Martin Luther King, Jr. once said, “Faith is taking the first step even when you don’t see the whole staircase.” And to some extent, faith is what individuals struggling with drug and alcohol addiction need more of:
- faith that they can quit,
- faith that treatment centers and 12-step programs can help,
- faith that life is worth the hard work of recovery.
Sometimes, just having that little bit of faith can give someone the necessary final “push” to take action and pick up the phone. Calling a substance abuse hotline might be a tough decision, but it’s often a critical first step toward admitting there’s a problem and reaching out for help.
calling an addiction helpline
Calling an addiction helpline can feel like a difficult task, but it doesn’t have to be. Those who answer the phone are friendly, trained counselors who only want to help you or your loved one find the information you need.
Some questions people may ask when they call an addiction helpline:
- What and where are regional addiction treatment centers?
- What is the best way to encourage someone to reach out for help?
- What are the costs and payment options associated with drug detox or rehabilitation?
- Or even just to talk.
Just sharing your struggles anonymously with a compassionate individual who understands addiction can be helpful.
minimizing the fear of the unknown when calling a hotline
To minimize some of the “fear of the unknown” associated with making that call, we’ve compiled a list of typical questions that you or your loved one might encounter when talking to the addiction counselor on the other end of the drug addiction hotline. These might include some of the following:
- Are you currently in immediate danger/a life-threatening situation?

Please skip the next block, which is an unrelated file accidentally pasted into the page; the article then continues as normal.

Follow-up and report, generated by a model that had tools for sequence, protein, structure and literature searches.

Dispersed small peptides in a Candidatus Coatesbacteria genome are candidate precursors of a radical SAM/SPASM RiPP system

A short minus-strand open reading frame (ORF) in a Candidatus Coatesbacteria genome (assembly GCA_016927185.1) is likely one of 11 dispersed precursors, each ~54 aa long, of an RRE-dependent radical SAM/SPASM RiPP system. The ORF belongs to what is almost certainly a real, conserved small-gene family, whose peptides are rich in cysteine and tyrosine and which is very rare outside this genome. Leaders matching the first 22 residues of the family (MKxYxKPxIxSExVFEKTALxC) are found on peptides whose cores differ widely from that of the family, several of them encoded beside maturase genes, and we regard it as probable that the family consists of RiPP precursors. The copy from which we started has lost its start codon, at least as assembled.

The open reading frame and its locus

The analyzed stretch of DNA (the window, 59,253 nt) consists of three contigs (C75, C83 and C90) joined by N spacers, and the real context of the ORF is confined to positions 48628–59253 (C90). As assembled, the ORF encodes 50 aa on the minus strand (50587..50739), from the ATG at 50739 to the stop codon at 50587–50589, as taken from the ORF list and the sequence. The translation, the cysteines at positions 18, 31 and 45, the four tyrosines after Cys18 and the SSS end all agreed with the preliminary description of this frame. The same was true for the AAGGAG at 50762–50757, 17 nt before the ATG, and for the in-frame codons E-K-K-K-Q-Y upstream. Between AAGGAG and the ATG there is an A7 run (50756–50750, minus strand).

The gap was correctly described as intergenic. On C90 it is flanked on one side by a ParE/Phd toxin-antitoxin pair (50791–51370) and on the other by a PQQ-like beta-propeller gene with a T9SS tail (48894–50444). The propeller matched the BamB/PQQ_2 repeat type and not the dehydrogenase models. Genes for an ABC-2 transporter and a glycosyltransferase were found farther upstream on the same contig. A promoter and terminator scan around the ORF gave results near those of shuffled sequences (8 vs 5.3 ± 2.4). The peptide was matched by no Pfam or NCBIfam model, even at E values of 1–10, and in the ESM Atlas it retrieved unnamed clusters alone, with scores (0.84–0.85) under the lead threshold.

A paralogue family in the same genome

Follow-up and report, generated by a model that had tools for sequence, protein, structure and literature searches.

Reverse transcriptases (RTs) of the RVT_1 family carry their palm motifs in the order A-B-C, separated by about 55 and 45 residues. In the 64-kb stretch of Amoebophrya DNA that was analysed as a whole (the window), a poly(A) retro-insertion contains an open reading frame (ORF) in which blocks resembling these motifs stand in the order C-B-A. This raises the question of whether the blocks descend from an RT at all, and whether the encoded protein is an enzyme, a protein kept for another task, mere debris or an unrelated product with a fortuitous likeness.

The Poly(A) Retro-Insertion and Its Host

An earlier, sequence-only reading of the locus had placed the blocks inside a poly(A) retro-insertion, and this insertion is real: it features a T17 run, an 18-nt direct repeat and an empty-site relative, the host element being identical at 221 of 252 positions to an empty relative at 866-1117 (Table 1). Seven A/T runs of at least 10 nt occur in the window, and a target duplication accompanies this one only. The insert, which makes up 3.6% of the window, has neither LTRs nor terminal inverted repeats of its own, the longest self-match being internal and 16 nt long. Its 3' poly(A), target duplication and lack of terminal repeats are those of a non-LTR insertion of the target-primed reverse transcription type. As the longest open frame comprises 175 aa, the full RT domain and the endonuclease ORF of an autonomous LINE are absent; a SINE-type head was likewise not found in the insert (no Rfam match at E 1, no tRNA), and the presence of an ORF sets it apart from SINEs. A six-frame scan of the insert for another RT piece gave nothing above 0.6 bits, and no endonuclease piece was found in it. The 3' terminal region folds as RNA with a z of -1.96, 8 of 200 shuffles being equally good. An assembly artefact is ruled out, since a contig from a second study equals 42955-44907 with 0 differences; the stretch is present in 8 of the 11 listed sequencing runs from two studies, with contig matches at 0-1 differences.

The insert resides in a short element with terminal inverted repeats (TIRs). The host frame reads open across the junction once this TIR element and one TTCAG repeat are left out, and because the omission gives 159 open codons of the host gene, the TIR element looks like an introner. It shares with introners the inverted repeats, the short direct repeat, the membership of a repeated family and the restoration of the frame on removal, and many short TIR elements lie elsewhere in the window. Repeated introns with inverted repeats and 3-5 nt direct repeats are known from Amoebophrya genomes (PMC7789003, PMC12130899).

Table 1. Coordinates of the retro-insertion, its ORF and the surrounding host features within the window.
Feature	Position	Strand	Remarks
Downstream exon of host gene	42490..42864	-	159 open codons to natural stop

- What substances (legal and/or illegal) do you use?
- Do your friends and family know you have a substance use disorder?
- How frequently do you use drugs or alcohol, and how long have you been using them?
- Do you have any existing mental health issues? Any physical health conditions?
- Have you ever been to rehab and/or detox before?
The helpline staff member you’re speaking with will listen to your concerns and help you identify your best path forward, whether that entails putting you in touch with a nearby drug addiction treatment center, helping you understand potential financial options, or assisting you with the search to find a residential recovery center that fits your individual needs: male only or female only, faith-based, or one that’s designed around therapeutic hiking or other outdoor adventures, for example.
who answers a drug hotline?
What’s important to keep in mind is that addiction isn’t a character flaw, and those individuals who choose to answer calls on a national drug hotline are not there to make you feel bad or judged. They understand what you’re going through, and have been through specialized training to help you work through your concerns and take that next step. So go ahead and make that call. That one simple act has the power to change the course of your life.
If you or someone you care about is ready to take that important first step toward lasting recovery, we encourage you to pick up the phone.
- Substance Abuse and Mental Health Services Administration (SAMHSA) – 1-800-662-HELP (4357)
- National Council on Alcoholism and Drug Dependence, Inc. (NCADD) – 1-800-NCA-CALL (622-2255)
- National Drug Helpline – 1-844-289-0879
- National Institute on Drug Abuse (NIDA) – 1-301-443-1124
- The Partnership at Drugfree.org – 1-855-DRUG-FREE (378-4373)
- National Institute of Mental Health Information – 1-866-615-6464
- Alcoholics Anonymous – 1-212-870-3400